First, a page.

This is the most common and best known of our Violets, and is found everywhere within its range, preferring generally low grounds in woods, meadows and marshes from Nova Scotia to Minnesota, and southward to Georgia and Kansas during April, May and June. It readily adapts itself to all conditions, and varies greatly in colour, size and leaf form, according to its situation. In boggy lands it produces ridiculously long, flowering stems, quite necessary, however, to raise its blossoms to the light, above the long grasses. In wet, swampy woods, forms having their leaves twice as long as wide and nearly lance-shaped are found. The golden-centred flowers vary widely in size and colour, graduating in the latter from light purple to pale violet, and even striped varieties frequently occur. While they are found commonly in open, sunny places, Violets as a family are to be seen at their best where there is shade and moisture, and in the vicinity of cool streams and springs they are most beautifully developed. The lower petal is spurred, and, together with the two lateral or side ones, which are prettily bearded, have a flash of white at their base and are marked with dark purple lines. The stamens are tipped with orange. The rootstock is short and thick, and the foliage which closely surrounds the flowers is full bright green in colour. This Violet does not produce runners, but flowerless buds succeed the true flowers and mature without opening. The large, heart-shaped leaf is prominently ribbed, and has a toothed or scalloped edge. The surface is covered with very fine hairs, and before they are fully matured, the lobes of the leaves are curled upward. The flower stem is slender and smooth, and the leaf stem is grooved on one side, and both rise direct from the root.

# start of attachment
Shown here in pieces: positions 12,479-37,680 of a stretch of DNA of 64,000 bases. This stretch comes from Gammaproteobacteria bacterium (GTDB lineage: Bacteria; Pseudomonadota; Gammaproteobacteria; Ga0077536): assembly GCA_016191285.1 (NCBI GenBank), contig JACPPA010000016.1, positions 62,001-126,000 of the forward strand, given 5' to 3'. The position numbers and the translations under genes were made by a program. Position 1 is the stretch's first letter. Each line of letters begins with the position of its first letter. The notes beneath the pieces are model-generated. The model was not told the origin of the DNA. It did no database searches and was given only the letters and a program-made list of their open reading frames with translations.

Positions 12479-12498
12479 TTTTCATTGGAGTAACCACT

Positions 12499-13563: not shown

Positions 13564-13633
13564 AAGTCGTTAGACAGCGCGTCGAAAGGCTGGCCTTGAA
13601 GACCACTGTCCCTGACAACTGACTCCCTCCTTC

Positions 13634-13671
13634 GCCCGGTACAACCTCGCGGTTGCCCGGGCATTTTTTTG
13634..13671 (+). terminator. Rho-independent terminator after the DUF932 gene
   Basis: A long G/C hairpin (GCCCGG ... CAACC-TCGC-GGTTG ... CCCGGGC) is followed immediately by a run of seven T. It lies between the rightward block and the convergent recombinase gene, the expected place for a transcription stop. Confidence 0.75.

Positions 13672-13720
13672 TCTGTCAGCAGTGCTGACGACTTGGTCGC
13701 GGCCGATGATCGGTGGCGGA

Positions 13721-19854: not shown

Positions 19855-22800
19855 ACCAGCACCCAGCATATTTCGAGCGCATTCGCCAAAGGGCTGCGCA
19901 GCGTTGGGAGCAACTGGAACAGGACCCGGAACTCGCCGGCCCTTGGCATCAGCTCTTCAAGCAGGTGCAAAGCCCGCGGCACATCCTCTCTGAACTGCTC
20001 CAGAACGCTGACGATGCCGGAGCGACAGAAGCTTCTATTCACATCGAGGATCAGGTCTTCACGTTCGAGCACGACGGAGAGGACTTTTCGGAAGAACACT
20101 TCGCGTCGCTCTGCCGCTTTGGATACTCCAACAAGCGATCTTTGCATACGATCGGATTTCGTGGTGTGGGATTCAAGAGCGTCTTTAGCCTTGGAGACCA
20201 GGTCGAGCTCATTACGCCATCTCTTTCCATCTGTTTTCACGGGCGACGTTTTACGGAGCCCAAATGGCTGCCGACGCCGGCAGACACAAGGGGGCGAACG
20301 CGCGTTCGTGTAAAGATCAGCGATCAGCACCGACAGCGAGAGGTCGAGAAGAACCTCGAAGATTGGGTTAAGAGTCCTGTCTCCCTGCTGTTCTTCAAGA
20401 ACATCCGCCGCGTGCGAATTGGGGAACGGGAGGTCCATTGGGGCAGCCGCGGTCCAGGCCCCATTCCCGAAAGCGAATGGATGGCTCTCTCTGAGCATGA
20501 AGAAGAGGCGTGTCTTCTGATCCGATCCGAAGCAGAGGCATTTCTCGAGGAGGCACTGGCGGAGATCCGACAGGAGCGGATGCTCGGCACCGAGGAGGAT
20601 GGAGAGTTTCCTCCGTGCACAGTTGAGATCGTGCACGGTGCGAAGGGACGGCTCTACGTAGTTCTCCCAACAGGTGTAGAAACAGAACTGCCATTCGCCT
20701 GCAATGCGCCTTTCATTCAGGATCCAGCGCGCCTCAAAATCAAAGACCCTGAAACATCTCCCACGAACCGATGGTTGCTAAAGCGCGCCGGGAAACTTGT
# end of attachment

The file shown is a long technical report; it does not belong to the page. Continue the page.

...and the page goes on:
MEADOW VIOLET. Viola cucullata.